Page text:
In the same week South Bay labor leaders slammed him for wanting to weaken local sanctuary policies, San Jose Mayor Sam Liccardo made national headlines for telling President Donald Trump in a tweet how much he supports undocumented immigrants.
“We welcome any families willing to endure such extraordinary hardships and to take such tremendous risks to be a part of our great country,” Liccardo tweeted, appending the statement with the hashtags #VamosSanJose and #WeAreSanJose.
The mayor’s comment came in response to a Washington Post article and Trump’s declaration on Twitter Friday that his administration is giving “strong considerations to placing illegal immigrants in Sanctuary Cities only.”
Due to the fact that Democrats are unwilling to change our very dangerous immigration laws, we are indeed, as reported, giving strong considerations to placing Illegal Immigrants in Sanctuary Cities only....
— Donald J. Trump (@realDonaldTrump) April 12, 2019
Trump added: “The Radical Left always seems to have an Open Borders, Open Arms policy—so this should make them very happy!”
While officials in San Francisco and Oakland objected to Trump’s threats of using immigrants as pawns, Liccardo took a different tack by saying send them on over.
@realDonaldTrump plans to release detained immigrants to @CityofSanJose? We welcome any families willing to endure such extraordinary hardships and to take such tremendous risks to be a part of our great country. #VamosSanJose #WeAreSanJose https://t.co/YFy1SUR6Vz
— Sam Liccardo (@sliccardo) April 12, 2019
Sanctuary policies prevent local police agencies and jails from being deputized to enforce federal immigration laws. In Santa Clara County, the sanctuary rules go beyond the statewide standard by also prohibiting local police from notifying U.S. Immigration and Customs Enforcement (ICE) about release dates of undocumented inmates convicted in the past decade of serious or violent crimes.
That local standard came under renewed scrutiny with the Feb. 28 murder of 59-year-old South San Jose resident Bambi Larson, the arrest of 24-year-old undocumented immigrant Carlos Arevalo-Carranza in connection to the crime and revelations that he had been released multiple times from jail twice in the preceding months.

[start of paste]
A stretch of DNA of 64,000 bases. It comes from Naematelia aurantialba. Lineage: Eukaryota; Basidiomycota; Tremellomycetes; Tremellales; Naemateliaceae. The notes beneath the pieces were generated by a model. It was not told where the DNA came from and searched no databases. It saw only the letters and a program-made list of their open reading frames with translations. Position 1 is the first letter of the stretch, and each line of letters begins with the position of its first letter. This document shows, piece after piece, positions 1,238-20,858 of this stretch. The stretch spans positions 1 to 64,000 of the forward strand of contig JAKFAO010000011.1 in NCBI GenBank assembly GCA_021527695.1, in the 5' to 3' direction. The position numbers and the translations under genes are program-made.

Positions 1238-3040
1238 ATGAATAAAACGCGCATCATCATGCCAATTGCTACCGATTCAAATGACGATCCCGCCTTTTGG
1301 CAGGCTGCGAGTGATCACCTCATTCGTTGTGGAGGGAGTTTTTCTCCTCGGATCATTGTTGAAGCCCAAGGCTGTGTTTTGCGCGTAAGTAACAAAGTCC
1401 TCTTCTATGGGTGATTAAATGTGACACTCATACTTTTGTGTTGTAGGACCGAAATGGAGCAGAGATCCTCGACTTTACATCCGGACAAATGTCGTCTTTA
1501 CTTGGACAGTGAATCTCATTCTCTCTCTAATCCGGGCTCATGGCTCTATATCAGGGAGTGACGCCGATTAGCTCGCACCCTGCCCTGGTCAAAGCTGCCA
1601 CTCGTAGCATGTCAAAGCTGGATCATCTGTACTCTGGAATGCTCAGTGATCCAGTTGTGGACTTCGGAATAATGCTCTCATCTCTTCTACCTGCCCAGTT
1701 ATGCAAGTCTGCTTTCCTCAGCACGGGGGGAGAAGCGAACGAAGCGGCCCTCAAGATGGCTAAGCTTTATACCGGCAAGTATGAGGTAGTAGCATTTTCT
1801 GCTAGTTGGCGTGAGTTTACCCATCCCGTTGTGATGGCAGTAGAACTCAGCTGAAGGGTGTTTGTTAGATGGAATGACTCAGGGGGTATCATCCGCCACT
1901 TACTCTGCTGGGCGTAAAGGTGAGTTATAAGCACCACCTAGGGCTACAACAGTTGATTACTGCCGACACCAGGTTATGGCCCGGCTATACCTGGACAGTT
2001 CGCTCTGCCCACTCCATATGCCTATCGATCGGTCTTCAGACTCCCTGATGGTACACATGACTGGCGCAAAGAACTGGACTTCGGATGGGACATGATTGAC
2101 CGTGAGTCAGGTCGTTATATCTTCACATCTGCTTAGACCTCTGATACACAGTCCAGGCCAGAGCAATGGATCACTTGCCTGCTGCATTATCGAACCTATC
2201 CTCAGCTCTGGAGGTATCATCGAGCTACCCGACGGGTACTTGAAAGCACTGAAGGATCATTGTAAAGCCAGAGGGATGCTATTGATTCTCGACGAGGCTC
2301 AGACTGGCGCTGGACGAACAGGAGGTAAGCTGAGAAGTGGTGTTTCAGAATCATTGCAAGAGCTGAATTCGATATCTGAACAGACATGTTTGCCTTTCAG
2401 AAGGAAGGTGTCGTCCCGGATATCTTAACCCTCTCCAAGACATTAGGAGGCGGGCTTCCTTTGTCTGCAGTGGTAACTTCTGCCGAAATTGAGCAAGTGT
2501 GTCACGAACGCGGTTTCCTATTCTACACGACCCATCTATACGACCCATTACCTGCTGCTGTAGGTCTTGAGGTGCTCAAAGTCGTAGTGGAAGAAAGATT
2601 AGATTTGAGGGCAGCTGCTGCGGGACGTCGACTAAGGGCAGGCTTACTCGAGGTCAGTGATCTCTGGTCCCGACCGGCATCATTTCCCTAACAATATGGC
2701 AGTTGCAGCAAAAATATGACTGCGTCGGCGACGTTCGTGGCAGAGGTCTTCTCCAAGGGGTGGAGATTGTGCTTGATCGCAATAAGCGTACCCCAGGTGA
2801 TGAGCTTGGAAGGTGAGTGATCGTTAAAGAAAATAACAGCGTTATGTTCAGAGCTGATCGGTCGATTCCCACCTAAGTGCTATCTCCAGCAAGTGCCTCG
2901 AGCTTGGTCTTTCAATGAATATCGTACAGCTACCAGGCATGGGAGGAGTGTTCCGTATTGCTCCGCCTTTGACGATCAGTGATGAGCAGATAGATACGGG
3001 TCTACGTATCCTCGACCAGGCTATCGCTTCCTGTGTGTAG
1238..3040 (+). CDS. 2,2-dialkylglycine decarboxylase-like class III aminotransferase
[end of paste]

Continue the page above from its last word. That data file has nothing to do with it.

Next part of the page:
In response, county supervisors Dave Cortese and Mike Wasserman brought forward a proposal to align local policy with state law by allowing local authorities to tell ICE about release dates for inmates with certain criminal convictions. That wouldn’t have prevented Arevalo-Carranza from walking free before Larson’s slaying, as he didn’t have any statutorily defined “serious or violent” convictions to his name. Regardless, a whole host of local leaders—Liccardo among them—joined the chorus demanding such a change.
“Should there be changes to the county policy, they would apply only to violent criminals—not to our predominantly law-abiding immigrant community,” the mayor wrote in a Facebook post earlier this week that included a translation in Spanish. “I also want to assure our residents that I will continue supporting our immigrant community and work to ensure everyone’s rights—regardless of their legal status—are protected.”
Though Liccardo was far from the only one to espouse that view, the South Bay Labor Council singled him out in a resolution Thursday condemning his rhetoric as divisive and damaging. “Sam Liccardo is using the tragic death of Bambi Larson to conflate immigration and crime,” it reads before calling on him to “stop his demagoguery.”
Nothing in the rebuke goes after every single police chief in the South Bay, District Attorney Jeff Rosen or San Jose Councilman Johnny Khamis. Also absent is any mention of the four out of five county supervisors—including labor-aligned Cortese and Cindy Chavez—who voted for exploring ways to chip away at local sanctuary policies.